Shinham Limestone Kilns
At this point along the Canal, you can observe brick-lined arches in a concrete facing. These are the remains of several limestone kilns that were used to create fertilizer, plaster and cement during the 19th century. Owned by O.J. Shinham, the kilns were operating as late as the 1960s. Cement was likely not produced here after the turn of the century, however, as Portland cement became the preferred product.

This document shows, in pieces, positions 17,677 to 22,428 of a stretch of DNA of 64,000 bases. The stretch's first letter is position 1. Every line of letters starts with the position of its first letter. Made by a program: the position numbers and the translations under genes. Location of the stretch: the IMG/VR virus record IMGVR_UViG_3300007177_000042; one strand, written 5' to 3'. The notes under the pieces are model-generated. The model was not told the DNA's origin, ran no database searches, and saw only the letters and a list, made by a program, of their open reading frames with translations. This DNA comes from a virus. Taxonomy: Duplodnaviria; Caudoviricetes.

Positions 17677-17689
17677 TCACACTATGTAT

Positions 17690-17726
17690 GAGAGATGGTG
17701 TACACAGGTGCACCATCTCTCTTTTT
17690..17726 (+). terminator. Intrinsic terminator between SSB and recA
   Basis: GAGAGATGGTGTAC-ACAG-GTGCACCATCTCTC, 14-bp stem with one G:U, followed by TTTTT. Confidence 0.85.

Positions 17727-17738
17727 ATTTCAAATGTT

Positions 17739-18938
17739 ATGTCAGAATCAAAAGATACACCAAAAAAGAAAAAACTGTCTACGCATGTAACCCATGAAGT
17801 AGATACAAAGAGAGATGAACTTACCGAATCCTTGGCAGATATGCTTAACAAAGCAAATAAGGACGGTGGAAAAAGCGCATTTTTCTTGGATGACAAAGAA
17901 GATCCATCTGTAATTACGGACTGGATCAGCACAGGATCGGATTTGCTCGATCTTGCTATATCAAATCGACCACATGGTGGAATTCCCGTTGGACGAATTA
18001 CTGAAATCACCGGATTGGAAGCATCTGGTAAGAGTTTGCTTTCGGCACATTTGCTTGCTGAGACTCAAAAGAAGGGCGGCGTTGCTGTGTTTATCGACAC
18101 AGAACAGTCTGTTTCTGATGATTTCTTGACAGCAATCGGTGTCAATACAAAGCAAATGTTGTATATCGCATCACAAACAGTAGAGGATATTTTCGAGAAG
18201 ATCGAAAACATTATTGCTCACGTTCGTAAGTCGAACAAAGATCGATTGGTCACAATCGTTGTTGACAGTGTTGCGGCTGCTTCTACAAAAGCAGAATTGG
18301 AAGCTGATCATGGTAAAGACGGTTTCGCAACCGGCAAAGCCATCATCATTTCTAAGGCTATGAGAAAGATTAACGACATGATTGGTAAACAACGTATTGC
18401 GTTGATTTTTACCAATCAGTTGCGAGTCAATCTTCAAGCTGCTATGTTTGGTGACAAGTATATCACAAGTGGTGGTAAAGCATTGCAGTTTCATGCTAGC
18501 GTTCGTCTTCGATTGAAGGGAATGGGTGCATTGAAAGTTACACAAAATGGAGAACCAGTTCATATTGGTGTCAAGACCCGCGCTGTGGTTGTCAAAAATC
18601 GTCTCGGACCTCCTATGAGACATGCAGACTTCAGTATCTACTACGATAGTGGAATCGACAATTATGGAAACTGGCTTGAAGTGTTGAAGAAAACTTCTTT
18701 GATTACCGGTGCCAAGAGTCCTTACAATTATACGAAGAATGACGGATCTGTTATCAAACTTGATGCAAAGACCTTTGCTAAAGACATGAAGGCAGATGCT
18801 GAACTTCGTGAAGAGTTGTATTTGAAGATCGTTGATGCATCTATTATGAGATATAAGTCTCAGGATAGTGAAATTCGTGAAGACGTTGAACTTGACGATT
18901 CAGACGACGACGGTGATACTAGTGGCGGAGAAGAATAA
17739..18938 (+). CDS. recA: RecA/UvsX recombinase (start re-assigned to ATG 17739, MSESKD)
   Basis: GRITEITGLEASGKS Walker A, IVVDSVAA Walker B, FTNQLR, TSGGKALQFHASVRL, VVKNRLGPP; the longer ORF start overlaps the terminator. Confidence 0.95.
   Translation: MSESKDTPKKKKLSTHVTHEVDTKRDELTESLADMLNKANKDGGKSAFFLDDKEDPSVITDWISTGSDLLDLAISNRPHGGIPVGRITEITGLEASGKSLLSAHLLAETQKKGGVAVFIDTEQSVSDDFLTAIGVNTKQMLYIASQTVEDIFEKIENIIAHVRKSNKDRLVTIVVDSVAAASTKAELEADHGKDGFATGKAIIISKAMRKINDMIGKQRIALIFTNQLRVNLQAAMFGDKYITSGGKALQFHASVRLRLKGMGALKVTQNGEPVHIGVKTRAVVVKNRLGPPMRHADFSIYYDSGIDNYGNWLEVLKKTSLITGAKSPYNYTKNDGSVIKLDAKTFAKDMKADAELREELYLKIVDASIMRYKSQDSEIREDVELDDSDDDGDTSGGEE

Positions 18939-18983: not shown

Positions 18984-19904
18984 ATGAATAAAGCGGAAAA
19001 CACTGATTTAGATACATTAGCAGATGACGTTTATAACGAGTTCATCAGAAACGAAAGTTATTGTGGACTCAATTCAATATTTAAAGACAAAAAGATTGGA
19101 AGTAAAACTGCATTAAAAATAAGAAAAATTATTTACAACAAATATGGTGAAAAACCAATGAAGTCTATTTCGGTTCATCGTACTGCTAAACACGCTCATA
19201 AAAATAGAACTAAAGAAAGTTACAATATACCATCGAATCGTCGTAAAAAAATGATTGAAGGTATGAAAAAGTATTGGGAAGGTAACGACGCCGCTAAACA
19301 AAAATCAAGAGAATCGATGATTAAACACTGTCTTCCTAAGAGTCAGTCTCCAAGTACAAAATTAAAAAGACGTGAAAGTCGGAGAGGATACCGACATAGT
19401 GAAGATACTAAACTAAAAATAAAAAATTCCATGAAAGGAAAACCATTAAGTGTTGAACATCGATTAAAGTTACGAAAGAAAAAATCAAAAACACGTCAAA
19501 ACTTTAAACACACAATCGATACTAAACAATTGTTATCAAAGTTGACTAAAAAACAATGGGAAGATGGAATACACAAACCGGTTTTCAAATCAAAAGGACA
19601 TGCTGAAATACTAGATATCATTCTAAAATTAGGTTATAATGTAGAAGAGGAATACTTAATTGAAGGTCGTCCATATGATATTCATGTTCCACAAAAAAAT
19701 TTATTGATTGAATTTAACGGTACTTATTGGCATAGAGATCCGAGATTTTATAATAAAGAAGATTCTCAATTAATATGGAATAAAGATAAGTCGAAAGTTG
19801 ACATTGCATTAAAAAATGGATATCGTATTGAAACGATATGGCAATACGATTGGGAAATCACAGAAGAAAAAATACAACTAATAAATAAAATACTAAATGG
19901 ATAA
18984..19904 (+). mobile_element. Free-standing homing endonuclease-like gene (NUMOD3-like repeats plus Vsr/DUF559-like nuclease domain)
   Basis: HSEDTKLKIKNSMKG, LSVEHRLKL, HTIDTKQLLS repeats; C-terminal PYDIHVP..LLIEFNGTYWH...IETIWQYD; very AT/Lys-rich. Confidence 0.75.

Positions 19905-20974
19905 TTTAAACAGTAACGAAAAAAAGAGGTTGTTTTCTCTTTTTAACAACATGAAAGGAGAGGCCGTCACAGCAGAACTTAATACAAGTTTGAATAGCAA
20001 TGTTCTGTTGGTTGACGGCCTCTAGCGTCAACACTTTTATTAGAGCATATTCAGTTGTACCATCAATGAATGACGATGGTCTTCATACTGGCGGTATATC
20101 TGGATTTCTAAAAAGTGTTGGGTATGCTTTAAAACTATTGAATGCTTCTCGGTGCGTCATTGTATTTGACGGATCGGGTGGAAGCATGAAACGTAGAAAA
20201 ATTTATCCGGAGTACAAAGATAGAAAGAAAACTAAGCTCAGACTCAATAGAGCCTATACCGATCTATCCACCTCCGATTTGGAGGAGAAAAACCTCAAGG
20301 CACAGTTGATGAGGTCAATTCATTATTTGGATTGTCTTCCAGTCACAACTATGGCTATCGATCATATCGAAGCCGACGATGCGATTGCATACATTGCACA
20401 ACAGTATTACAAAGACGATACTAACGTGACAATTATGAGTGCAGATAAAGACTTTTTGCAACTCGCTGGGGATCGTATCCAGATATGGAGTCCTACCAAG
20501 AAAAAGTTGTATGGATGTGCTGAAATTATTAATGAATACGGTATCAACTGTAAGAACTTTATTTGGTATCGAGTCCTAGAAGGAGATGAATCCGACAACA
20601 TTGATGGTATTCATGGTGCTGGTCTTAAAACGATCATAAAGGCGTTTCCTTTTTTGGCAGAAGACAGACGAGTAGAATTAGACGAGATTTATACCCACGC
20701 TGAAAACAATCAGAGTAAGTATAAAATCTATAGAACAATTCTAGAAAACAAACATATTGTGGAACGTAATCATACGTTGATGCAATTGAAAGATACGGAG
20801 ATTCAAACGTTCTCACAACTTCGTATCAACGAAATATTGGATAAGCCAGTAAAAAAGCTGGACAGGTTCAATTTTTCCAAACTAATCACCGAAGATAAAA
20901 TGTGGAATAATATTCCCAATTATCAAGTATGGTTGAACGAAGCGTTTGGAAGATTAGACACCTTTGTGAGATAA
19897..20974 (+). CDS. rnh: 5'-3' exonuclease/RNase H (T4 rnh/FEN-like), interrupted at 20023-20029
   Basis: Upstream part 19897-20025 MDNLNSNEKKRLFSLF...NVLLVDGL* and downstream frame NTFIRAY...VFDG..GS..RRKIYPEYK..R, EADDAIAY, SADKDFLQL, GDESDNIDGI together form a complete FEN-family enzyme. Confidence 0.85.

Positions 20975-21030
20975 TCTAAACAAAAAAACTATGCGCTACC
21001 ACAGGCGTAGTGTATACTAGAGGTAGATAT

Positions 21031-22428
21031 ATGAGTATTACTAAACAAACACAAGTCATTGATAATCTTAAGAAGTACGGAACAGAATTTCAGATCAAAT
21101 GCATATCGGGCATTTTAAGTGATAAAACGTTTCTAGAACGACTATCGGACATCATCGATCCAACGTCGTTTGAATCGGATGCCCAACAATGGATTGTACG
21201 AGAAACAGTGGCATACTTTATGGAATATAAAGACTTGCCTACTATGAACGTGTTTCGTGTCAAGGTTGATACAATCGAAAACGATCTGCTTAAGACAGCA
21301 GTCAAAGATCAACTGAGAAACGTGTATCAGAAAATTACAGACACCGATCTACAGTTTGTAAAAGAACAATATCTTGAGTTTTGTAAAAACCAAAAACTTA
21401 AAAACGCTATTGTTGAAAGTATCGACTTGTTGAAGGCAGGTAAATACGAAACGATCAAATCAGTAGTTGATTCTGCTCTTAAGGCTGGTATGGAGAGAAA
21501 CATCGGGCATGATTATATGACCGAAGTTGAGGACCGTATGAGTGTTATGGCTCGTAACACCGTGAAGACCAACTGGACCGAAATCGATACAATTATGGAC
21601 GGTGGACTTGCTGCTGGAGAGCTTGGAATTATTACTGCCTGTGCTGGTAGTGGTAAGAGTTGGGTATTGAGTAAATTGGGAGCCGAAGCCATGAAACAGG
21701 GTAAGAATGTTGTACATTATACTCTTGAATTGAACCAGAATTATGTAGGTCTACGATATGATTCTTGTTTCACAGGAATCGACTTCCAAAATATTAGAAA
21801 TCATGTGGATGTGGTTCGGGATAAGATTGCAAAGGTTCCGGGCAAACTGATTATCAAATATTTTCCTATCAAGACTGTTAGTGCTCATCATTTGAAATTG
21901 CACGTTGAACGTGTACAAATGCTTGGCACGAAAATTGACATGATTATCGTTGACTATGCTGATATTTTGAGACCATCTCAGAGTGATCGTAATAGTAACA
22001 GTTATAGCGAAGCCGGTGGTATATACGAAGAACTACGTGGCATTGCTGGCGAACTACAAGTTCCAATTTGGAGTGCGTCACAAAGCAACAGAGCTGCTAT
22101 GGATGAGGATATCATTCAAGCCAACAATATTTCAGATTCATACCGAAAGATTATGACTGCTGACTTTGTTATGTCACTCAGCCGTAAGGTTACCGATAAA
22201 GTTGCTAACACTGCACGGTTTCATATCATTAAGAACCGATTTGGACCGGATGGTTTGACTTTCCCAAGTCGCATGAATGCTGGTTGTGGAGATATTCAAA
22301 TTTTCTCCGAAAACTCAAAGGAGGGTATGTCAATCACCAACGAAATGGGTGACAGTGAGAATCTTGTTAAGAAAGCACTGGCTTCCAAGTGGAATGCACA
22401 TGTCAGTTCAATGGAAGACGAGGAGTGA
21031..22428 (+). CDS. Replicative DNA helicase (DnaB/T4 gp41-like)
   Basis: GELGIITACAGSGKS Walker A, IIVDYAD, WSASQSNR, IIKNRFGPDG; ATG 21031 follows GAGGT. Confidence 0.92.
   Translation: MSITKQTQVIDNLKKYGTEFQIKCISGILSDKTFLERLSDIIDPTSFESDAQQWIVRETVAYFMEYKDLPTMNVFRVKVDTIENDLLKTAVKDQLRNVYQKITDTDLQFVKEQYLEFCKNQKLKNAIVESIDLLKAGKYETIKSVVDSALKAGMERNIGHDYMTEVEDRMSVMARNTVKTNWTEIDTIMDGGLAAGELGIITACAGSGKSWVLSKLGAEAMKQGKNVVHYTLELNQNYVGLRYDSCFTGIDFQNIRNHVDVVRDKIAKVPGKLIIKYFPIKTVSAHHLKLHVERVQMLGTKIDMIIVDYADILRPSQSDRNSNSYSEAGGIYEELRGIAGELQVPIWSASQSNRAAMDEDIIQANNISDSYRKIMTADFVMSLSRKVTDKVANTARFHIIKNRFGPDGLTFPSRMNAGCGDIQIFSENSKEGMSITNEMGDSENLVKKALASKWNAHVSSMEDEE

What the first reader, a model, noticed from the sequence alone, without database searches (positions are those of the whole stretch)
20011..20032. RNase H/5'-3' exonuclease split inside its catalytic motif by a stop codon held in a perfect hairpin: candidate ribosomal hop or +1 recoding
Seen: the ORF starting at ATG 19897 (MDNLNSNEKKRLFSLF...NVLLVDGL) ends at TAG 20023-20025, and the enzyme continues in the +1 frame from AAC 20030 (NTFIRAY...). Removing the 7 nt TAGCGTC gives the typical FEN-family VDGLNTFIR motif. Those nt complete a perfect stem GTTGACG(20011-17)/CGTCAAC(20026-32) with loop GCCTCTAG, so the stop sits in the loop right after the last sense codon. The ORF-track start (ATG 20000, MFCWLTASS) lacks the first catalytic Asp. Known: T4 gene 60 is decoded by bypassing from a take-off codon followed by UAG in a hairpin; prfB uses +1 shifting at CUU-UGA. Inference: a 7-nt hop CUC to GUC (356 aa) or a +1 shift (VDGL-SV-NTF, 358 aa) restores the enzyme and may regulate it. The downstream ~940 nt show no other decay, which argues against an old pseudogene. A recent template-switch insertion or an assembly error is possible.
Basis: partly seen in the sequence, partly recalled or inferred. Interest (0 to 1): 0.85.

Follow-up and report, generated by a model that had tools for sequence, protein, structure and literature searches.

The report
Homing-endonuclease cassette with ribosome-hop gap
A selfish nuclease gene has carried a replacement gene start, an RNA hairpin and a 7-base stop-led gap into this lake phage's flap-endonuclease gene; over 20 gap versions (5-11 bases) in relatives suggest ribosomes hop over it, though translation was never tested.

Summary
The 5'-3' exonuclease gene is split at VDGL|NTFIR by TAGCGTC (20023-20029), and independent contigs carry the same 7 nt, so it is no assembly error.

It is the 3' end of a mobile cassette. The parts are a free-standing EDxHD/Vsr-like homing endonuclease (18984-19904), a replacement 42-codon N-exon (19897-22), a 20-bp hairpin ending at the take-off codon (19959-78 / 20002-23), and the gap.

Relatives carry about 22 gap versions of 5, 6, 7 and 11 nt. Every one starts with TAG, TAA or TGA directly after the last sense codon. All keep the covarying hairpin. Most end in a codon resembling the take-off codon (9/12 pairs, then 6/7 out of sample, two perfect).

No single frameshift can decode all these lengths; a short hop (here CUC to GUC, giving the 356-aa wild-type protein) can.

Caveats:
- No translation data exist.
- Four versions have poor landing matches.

To transform raw limestone into its final burnt powder form, it was first broken down to nut-sized pieces by an “iron cracker.” The smaller pieces were placed in alternate layers with coal at the top of the kiln. The burnt limestone was drawn out at the bottom and ground into powder using millwheels. Powder was measured in bushels and placed in sacks or barrels for shipment downstream.
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Photo by: Bud and Dell Cline